Since I got to Montreal in June, I had time to try several rhubarb recipes this year (for some reason, rhubarb was unavailable in San Antonio this spring). I tried it in savory applications, like a sauce served with roasted pork and in a chicken salad, where it was finely sliced alongside celery (both of those recipes are from the July 2015 issue of Coup de Pouce, but I can’t find them on their website). I also made rhubarb soda; my recipe for rhubarb syrup was a hybrid of this regular one and that vanilla one; it was great, but I have no pictures. Of the two remaining recipes that I thought of posting, one was a rhubarb upside-down cake. It was certainly the most photogenic of the two, but even then, I would have needed to be a food stylist with access to a few pounds of reddish-pink rhubarb to make it as nice as in the original photo – I did what I could with my limited green and red pieces. It was good cake, though!
The recipe I will post is not photogenic, but I don’t care, because it was by far the best rhubarb recipe I made this year. It’s Dana Cree’s rhubarb compote, which I found on Orangette last year. I hope you won’t mind too much that I’m sharing it after rhubarb season, since you could actually make it with frozen rhubarb. I had it with yogurt and it was fantastic; it would also be good with lactose-free ice cream, or pavlova, or maybe even on crêpes or the like.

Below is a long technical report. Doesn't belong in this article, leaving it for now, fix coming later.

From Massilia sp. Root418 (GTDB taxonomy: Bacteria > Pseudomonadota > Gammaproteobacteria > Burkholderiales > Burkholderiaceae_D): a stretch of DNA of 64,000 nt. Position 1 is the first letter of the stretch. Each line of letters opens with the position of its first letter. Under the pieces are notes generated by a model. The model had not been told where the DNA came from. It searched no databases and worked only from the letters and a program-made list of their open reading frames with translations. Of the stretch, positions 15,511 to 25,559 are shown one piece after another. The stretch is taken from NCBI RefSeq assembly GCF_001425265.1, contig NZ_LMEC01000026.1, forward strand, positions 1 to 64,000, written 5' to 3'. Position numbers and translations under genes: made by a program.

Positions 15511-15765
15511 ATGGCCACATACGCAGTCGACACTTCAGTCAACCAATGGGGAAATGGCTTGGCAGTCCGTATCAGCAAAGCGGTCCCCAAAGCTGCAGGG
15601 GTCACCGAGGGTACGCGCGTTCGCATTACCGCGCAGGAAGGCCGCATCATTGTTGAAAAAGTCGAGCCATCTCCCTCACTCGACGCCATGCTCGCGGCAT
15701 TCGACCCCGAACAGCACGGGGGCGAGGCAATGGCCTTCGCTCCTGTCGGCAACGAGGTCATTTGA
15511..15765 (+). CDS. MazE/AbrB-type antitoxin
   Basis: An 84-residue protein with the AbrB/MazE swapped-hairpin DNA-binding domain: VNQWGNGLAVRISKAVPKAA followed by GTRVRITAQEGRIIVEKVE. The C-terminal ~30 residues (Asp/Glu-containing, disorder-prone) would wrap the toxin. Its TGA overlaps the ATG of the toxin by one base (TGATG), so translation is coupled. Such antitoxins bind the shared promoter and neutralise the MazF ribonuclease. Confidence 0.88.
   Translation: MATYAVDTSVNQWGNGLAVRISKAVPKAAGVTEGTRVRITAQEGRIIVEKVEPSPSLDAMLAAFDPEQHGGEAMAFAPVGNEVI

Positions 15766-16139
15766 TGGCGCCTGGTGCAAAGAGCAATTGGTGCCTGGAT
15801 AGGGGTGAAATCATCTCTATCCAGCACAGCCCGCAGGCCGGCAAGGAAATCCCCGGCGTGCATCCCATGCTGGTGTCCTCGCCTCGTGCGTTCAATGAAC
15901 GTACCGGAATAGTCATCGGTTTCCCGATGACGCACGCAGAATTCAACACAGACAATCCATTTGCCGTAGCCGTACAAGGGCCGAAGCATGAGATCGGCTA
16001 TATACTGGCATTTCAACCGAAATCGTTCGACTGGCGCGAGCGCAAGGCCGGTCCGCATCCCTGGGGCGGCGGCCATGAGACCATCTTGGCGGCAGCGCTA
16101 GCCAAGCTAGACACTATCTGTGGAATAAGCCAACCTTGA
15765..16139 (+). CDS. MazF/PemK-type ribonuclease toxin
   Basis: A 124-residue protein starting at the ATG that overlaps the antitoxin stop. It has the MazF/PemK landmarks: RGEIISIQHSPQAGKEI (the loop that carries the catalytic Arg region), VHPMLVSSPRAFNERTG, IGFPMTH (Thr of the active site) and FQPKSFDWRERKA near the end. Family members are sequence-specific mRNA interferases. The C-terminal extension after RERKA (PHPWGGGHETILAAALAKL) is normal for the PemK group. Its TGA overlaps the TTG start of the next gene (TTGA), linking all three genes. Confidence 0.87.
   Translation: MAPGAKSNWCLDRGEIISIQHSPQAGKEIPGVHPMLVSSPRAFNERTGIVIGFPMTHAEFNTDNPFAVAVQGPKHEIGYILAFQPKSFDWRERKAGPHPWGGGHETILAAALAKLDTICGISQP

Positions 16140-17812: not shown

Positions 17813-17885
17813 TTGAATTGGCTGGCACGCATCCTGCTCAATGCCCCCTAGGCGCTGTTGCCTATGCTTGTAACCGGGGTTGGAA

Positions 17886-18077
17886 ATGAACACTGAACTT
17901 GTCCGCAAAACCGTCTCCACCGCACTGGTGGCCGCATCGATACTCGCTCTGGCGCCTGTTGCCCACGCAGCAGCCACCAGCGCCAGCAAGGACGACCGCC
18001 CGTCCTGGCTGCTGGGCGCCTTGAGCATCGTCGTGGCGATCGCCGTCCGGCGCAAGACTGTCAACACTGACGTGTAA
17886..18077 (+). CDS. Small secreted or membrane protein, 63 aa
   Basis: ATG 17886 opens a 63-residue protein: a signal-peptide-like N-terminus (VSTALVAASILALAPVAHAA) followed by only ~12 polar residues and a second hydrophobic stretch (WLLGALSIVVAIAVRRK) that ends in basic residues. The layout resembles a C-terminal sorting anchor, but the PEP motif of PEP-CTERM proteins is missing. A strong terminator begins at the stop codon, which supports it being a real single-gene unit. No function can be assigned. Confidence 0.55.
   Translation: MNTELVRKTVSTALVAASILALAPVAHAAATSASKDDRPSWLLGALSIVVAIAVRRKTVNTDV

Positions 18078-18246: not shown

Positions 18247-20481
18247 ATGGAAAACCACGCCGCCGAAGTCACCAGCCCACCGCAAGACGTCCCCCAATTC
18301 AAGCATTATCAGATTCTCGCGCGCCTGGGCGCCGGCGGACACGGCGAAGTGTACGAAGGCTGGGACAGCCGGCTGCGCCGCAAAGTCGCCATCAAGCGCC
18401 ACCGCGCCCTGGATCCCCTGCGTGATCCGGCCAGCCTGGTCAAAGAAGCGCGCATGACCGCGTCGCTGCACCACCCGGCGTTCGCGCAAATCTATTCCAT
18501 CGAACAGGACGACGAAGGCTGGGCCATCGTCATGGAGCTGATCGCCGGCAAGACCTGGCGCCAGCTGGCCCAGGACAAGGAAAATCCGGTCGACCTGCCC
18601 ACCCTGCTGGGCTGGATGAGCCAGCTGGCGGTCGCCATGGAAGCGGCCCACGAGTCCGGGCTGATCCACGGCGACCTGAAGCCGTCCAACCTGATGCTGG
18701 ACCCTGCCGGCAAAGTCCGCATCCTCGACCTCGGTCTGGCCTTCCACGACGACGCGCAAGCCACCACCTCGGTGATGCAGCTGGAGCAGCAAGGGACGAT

1 lb. (455 g.) rhubarb stalks, trimmed and sliced into ¾-inch chunks
½ to ¾ cup (100 to 150 g.) sugar (I used 2/3 cup)
2 Tbsp. (28 g.) unsalted butter (or vegan margarine)
2 Tbsp. orange liqueur, such as Cointreau, Grand Marnier, and the like (I used Triple Sec)
In a medium bowl, toss the rhubarb with the sugar. Set it aside while you melt the butter in a heavy medium saucepan over medium heat. When the butter has melted, add the rhubarb, the sugar, and the orange liqueur. Allow to cook, undisturbed, for about 2 minutes, until the rhubarb begins to release its juices. Then gently stir, and continue to cook over medium heat, stirring occasionally, until the rhubarb is very juicy and those juices begin to thicken. The compote is ready when the rhubarb is tender and beginning to fall apart and the juices look thick, about 10 to 15 minutes. (This is a cook-it-until-it-looks-right-to-you situation: trust your judgement.)
Store in an airtight container in the refrigerator, and serve cold, cool, or warm.